To keep up with the issues of the times, Street Law Inc., a nonprofit organization supporting civics education, has added a chapter on immigration law and policy to its new textbook for high school courses in “practical law.”
“Everyone needs to think about what our immigration policy should be,” said Lee Arbetman, the director of U.S. programs for Street Law, in explaining why the 2010 Street Law textbook has included immigration issues.
The organization lines up law students to co-teach classes about the nation’s laws with high school teachers. Typically, the class is taught as an elective. I mention Street Law in a story about civics education that edweek.org published this week.
Along with adding a chapter about immigration to the topics it traditionally has covered over the years and providing law students to help teach about the law, Street Law is also launching a program to provide immigration lawyers or law students to support high school teachers in teaching students about immigration law. The American Immigration Lawyers’ Association and the American Immigration Law Foundation are partners in that effort.
The chapter on immigration law covers such topics as how one becomes a U.S. citizen and the process for seeking asylum. It gives students case studies to discuss to apply their understanding of immigration law.
But I came across a statement in the chapter that didn’t fit with what I’ve learned about immigration law while reporting on English-language learners for EdWeek. Here’s an excerpt:
Minor children (under age 18) born in the United States to parents who are not in the country legally are citizens. However, they can be required to leave the country if their parents are removed or deported so that the family can stay together.
I checked this wording out with Richard Rocha, a spokesman for U.S. Immigration and Customs Enforcement of the U.S. Department of Homeland Security. He said that minors who are born in this country cannot be required by the U.S. government to be deported along with their parents. “They are U.S. citizens. They are legally authorized to be here in the United States.”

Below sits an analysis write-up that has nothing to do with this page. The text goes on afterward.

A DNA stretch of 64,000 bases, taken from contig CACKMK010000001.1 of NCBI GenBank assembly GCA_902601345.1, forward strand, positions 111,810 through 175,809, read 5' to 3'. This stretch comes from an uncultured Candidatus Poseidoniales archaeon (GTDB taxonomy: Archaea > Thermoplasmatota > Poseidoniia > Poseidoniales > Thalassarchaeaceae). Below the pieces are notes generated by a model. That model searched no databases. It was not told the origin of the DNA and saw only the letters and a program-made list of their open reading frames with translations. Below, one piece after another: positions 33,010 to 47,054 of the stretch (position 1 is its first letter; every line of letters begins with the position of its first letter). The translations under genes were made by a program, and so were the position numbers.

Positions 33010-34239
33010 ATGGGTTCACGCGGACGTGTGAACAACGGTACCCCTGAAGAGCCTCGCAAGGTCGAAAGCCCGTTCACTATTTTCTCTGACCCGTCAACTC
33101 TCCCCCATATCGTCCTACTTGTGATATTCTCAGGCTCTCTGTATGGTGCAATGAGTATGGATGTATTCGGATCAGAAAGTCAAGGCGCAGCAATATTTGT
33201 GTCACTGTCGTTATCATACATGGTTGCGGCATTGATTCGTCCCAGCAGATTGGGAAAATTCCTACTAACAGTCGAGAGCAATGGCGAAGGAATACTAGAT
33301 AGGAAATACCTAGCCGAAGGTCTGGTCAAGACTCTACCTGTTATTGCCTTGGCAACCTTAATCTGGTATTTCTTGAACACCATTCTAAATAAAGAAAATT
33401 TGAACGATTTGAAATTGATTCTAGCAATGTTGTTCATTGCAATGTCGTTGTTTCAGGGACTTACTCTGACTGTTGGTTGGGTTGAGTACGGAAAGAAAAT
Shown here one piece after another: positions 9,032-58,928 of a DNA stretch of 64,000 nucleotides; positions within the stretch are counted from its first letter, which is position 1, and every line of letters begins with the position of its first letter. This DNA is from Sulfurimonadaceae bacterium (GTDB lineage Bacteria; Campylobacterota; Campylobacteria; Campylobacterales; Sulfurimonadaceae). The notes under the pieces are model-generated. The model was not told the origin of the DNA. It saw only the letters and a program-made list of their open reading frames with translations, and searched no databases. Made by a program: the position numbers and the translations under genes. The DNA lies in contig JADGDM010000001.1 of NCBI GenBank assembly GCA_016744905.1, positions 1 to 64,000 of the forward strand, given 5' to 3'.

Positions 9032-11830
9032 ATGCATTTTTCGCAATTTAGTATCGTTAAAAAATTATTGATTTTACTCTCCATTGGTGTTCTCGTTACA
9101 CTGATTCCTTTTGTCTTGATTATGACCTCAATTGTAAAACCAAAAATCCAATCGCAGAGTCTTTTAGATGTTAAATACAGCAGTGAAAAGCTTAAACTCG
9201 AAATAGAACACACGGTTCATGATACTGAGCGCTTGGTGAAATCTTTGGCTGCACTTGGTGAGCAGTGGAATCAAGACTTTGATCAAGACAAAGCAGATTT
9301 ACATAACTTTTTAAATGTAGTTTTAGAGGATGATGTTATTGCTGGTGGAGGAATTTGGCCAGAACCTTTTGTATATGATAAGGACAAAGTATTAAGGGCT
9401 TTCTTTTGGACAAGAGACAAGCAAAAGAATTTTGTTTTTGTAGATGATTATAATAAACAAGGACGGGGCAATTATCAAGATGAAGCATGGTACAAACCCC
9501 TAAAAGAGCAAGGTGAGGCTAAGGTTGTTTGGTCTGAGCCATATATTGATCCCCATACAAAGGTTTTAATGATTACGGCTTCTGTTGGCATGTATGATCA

If parents who are undocumented are removed from the country, he said, the U.S. government leaves it up to them to decide whether they want to transfer guardianship of their children to someone in the United States or take their children back with them to their country of origin.
I guess one could conclude that statement in the textbook is not wrong in that U.S.-born minors can be required by their parents, though not by the U.S. government, to leave the country. But I think it’s fair to say the statement is misleading.
I conferred with Roger Rice, a lawyer for the Somerville, Mass.-based Multicultural Education, Training, and Advocacy, an organization that advocates for ELLs, on this same issue. He noted that the statement in the textbook “may be written in too stark of a way.” His understanding of the law matched what the spokesman for ICE said.
But he added that textbook writers have a huge challenge in trying to convey immigration law to high school students in a simple, clear way. “Immigration law is incredibly difficult to articulate accurately in a straightforward, simple way,” Rice said.
I’ll say “amen” to that, from what I’ve learned while writing sometimes about immigration issues.
I’ve sent an e-mail message to Arbetman to see if he has anything to add about the statement regarding removal of minors in the textbook, and I’ll update this blog if I hear back from him.
A version of this news article first appeared in the Curriculum Matters blog.